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Learn More - Primary Hyperoxaluria (PH)

What is Primary Hyperoxaluria?

Primary Hyperoxaluria is a rare, inherited disorder characterized by high levels of oxalate in the urine and calcium oxalate kidney stones which can result in reduced kidney function or can cause kidney failure. Among patients with primary hyperoxaluria, about 50 percent will have kidney failure by age 15, and about 80 percent will have kidney failure by age 30. For that reason, it is critical that primary hyperoxaluria be diagnosed and treated as early as possible. Patients most often develop the first symptoms, typically kidney stones, anywhere from birth to the mid-20s. But hyperoxaluria may go unrecognized until age 30 to 40. In some patients the first symptom is kidney failure.

Who gets Primary Hyperoxaluria?

Symptoms due to hyperoxaluria may appear anytime from birth to adulthood and presentation can vary from mild to severe. In its many forms, it may be found among all ages, from infants to people in their 70s. Among patients with primary hyperoxaluria, about 50 percent will have kidney failure by age 15, and about 80 percent will have kidney failure by age 30. For that reason, it is critical that primary hyperoxaluria be diagnosed and treated as early as possible. Patients most often develop the first symptoms, typically kidney stones, anywhere from birth to the mid-20s. But hyperoxaluria may go unrecognized until age 30 to 40. In some patients the first symptom is kidney failure.

What causes Primary Hyperoxaluria?

The cause of the Primary Hyperoxaluria is not always known, but may result from changes in the way kidneys handle normal amounts of body oxalate. The highest amounts of oxalate in the urine are seen in diseases in which the liver produces too much oxalate. This occurs in primary hyperoxaluria. Type I and Type II. Primary hyperoxaluria (PH) is a rare genetic, or inherited, disorder that is present at birth. In a person with Type 1 primary hyperoxaluria, the liver creates too little of an enzyme called alanine:glyoxylate aminotransferase, or AGT. In Type II, the liver is missing a different enzyme, called glyoxylate reductase (GR) or hydroxpyruvate reductase. Very large amounts of oxalate are produced when there are not enough of these enzymes in the liver. Over time, oxalate in the urine can cause kidney stones. When very large amounts of oxalate are present in the urine, such as in primary hyperoxaluria, the kidneys can be damaged to the point that they quit working (renal failure).

How is Primary Hyperoxaluria diagnosed?

Patients that have hyperoxaluria or suspected of having PH will need a comprehensive physical exam, including a medical history, family history, and diet and medication history. Depending on their symptoms, patients may have one or more of the following tests to measure the presence and level of oxalate in the body: blood and urine testing, kidney x-ray or CT scan, liver or kidney biopsy, echocardiogram, eye exam, bone marrow biopsy or family screening.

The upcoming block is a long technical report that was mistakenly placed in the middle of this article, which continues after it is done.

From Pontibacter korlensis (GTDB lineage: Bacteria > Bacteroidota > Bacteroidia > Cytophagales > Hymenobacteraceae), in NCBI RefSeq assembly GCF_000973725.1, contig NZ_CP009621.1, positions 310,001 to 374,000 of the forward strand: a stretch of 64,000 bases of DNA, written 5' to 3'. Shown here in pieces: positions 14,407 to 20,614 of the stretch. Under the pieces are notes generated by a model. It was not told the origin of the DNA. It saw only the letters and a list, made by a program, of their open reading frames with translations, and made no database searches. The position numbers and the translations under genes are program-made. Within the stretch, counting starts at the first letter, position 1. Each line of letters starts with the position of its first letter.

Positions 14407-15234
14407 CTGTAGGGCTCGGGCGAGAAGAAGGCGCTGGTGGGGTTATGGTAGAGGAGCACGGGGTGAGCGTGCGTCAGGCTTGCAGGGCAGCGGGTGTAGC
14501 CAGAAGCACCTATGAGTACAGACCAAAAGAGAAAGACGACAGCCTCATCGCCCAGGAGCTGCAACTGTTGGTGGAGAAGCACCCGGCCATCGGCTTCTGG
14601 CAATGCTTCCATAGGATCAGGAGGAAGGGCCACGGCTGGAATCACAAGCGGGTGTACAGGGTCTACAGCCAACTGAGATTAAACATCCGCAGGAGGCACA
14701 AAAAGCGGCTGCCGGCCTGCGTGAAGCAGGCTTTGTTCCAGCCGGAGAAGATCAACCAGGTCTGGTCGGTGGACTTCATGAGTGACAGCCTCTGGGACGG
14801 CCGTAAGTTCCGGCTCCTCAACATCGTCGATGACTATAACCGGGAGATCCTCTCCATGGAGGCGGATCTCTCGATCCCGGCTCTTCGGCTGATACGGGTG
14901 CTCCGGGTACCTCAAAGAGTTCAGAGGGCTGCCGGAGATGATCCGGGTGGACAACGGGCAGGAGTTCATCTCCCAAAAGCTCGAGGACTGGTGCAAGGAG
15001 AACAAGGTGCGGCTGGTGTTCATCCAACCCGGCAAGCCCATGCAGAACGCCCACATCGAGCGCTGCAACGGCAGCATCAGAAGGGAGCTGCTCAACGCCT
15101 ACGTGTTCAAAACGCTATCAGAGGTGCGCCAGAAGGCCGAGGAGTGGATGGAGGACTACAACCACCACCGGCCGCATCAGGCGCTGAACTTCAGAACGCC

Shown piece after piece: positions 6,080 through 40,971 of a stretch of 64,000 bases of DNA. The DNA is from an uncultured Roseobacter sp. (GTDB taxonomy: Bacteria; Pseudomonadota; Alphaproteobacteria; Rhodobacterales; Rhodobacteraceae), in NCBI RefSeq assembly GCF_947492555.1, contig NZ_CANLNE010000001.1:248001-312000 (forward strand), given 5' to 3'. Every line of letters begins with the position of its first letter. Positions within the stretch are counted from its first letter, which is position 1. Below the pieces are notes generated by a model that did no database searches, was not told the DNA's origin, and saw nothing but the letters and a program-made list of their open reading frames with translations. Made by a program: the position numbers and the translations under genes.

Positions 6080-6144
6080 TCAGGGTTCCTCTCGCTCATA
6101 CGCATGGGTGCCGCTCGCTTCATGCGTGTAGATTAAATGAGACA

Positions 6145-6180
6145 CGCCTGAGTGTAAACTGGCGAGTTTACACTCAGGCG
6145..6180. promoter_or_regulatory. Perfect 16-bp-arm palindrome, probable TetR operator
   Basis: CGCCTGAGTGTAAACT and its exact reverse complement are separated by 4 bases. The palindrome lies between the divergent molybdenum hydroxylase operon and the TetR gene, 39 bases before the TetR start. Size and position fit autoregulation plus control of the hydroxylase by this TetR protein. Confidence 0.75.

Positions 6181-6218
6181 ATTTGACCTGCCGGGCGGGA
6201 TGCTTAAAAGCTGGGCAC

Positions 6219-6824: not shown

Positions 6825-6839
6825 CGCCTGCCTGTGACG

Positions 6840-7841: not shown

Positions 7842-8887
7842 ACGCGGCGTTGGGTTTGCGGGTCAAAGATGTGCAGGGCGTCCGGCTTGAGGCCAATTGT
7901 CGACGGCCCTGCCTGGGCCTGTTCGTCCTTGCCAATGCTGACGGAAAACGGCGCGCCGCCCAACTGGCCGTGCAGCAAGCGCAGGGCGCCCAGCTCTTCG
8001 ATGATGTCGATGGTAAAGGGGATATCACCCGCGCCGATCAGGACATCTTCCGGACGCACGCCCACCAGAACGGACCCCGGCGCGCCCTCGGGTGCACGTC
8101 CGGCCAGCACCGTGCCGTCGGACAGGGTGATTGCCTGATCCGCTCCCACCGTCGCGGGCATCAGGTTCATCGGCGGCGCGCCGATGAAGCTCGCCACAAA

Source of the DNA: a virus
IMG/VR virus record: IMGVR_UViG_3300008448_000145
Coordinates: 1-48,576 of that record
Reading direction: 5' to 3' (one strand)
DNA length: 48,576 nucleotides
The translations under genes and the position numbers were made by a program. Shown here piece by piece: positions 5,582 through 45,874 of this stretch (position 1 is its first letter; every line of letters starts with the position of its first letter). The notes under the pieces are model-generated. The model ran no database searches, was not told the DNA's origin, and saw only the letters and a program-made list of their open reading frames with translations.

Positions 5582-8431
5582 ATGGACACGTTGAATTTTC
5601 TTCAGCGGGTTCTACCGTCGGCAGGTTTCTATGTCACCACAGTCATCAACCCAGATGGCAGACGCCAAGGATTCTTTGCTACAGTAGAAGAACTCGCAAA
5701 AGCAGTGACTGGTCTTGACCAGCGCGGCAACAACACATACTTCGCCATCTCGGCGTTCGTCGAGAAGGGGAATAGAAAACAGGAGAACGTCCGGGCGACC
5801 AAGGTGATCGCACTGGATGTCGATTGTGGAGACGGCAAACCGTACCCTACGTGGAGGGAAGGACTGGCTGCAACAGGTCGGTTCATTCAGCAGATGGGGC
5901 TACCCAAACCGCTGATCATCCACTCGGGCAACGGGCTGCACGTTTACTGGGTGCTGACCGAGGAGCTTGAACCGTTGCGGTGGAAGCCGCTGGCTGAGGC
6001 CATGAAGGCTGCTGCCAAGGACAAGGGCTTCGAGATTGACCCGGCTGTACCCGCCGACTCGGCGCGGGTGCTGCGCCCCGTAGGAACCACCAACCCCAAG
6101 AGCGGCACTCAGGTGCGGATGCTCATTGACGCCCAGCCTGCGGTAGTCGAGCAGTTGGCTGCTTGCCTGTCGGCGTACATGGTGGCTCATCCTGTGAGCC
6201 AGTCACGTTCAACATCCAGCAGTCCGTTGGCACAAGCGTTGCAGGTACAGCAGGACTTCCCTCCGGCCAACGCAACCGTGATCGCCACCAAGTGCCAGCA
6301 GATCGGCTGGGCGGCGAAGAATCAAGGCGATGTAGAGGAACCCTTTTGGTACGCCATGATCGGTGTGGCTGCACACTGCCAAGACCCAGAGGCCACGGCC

What is/is there treatment for Primary Hyperoxaluria?

The treatment for PH patients needs to be individualized and take into account each patient’s needs, the type and severity of disease, kidney function and how well the patient responds to treatment. Patients need to be closely monitored by their medical team to measure their responses to the following treatments: high fluid intake, medications, diet modifications, kidney stone management, and treatment for kidney failure, dialysis, kidney or combined liver-kidney transplant.


Frequently Asked Questions about Primary Hyperoxaluria

What is the difference between Primary Hyperoxaluria Type I and Type II?

Primary Hyperoxaluria (PH) Type I and Type II both cause increased production of oxalate. In a person with Type 1 primary hyperoxaluria, the liver creates too little of an enzyme called alanine:glyoxylate aminotransferase, or AGT. In Type II, the liver is missing a different enzyme, called glyoxylate reductase (GR) or hydroxpyruvate reductase. Very large amounts of oxalate are produced when there is not enough of either of these enzymes in the liver.

Why is the kidney affected if the liver enzymes are abnormal in PH patients?

In patients with PH there is an overproduction of oxalate that occurs due to the abnormalities of specific enzymes in the liver. Though it is the liver that is defective, the oxalate can only be eliminated from the body by the kidney and excreted in the urine and therefore the organ that suffers the most is the kidney.

What age are most PH patients diagnosed?

Patients most often develop the first symptoms, typically kidney stones, anywhere from birth to the mid-20s. But hyperoxaluria may go unrecognized until age 30 to 40. In some patients the first symptom is kidney failure.

What is the treatment for PH?

The goal for patients with PH is to prevent kidney stones, damage to the kidneys and the accumulation of calcium oxalate in the kidneys to other body tissues. It is important for patients to seek qualified medical care that will take into account the patients’ needs, the type and severity of the disease and how well the patient responds to various treatments. Patients should be closely monitored by their physicians during treatment, which may include: medications to reduce oxalate or stone formation, high fluid intake and dietary modifications and possibly kidney and/or liver transplantation.